Once the last coat of Looking Glass has dried, use your lint-free paper towels and carefully blot away the vinegar solution. Then, use the paper towel to distress the outer edges of the glass.
Use a blotting motion to lift and remove portions of the spray paint. If you notice that the paint is not lifting easily, apply a small amount of the vinegar solution to your paper towel and continue distressing.
You can continue to add layers of the Looking Glass paint with distressing in between. I find that the initial distressing is generally plenty and produces a very nice result.
To incorporate some of that coppery look that some antique mirrors have, you can very lightly go over some of the distressed areas with a coat of Krylon’s metallic paint. A small amount of this will go a long way. Practice doing this during your trial run to see how it looks.
Finally, you need to seal everything in with the flat black paint. Apply 3-4 light coats over the paint in the previous steps. This is what gives the mirror its darkness and it also helps to protect the finish. Allow the glass to dry completely for 24 hours before adding them to any frame.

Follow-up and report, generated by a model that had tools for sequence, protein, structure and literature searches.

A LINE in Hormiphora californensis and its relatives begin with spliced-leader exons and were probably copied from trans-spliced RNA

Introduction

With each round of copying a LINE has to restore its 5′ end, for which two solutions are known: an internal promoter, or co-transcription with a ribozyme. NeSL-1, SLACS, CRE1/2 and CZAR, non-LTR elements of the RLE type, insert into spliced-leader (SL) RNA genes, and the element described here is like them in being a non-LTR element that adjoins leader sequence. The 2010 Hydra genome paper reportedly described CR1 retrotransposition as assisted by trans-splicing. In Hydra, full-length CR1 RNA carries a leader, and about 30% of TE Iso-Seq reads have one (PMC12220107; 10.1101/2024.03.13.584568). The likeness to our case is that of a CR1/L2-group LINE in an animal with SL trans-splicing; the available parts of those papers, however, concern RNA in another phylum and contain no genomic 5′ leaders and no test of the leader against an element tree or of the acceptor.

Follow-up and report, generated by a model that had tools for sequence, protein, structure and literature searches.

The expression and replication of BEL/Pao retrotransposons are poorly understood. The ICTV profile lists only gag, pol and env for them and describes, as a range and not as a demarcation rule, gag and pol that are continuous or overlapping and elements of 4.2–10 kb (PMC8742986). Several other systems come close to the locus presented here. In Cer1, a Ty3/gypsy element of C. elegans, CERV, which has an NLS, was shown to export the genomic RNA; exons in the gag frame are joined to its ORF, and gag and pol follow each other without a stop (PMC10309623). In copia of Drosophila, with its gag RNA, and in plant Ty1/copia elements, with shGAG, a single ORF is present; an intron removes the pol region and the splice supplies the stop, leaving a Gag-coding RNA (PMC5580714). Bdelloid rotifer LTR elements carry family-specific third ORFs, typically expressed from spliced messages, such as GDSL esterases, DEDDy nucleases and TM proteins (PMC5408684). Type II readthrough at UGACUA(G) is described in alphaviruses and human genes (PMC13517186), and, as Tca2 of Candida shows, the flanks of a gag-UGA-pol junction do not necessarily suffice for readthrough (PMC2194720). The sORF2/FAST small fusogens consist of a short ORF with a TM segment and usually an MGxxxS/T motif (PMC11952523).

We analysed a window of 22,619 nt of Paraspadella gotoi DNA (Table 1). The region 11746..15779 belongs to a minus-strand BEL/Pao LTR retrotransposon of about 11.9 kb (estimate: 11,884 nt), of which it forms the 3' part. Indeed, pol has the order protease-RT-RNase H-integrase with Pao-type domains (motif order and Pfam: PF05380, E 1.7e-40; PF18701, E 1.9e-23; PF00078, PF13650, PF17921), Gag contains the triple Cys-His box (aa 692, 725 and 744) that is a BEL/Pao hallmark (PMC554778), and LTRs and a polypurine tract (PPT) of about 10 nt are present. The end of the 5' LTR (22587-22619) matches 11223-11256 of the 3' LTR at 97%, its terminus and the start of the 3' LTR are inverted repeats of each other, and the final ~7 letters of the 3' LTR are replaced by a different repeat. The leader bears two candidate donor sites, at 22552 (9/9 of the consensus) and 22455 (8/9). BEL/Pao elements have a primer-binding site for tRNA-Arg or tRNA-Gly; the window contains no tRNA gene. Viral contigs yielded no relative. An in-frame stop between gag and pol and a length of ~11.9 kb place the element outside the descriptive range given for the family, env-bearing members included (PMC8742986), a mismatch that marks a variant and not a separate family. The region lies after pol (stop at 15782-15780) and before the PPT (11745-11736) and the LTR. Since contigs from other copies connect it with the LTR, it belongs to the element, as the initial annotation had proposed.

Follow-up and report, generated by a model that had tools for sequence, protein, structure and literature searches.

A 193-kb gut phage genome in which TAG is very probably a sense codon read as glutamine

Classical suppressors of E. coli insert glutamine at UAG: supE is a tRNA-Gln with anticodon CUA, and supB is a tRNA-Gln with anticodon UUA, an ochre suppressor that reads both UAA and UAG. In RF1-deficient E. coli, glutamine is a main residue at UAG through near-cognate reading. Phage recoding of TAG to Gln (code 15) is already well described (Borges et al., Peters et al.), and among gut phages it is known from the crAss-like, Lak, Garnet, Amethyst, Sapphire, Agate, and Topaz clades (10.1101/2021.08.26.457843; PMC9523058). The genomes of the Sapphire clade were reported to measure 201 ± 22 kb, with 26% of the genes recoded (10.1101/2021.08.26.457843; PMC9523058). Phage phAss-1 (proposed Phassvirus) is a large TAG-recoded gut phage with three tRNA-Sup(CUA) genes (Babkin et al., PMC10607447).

You can see more how the different layers affect the finish in this cropped image. The blacker distressed areas are where I removed most of the mirror paint. The lighter (grayer) distressed areas are where I added back a very light coat of mirror paint to areas that had previously been distressed.
I didn’t add any of the gold paint to this piece, but the warm coloring in my room makes it appear almost as if I did. If you have a cooler paint color in your house and you want to get that bit of coppery tone in your mirrors, you can add a very light layer of the gold before applying the black paint.
Building the Frame…
The next step to make this distressed antiqued mirror is to build the frame. When I was deciding on a design for this frame, I wanted it to be something that anyone could achieve, but I also wanted it to look nice. So, this is what I came up with.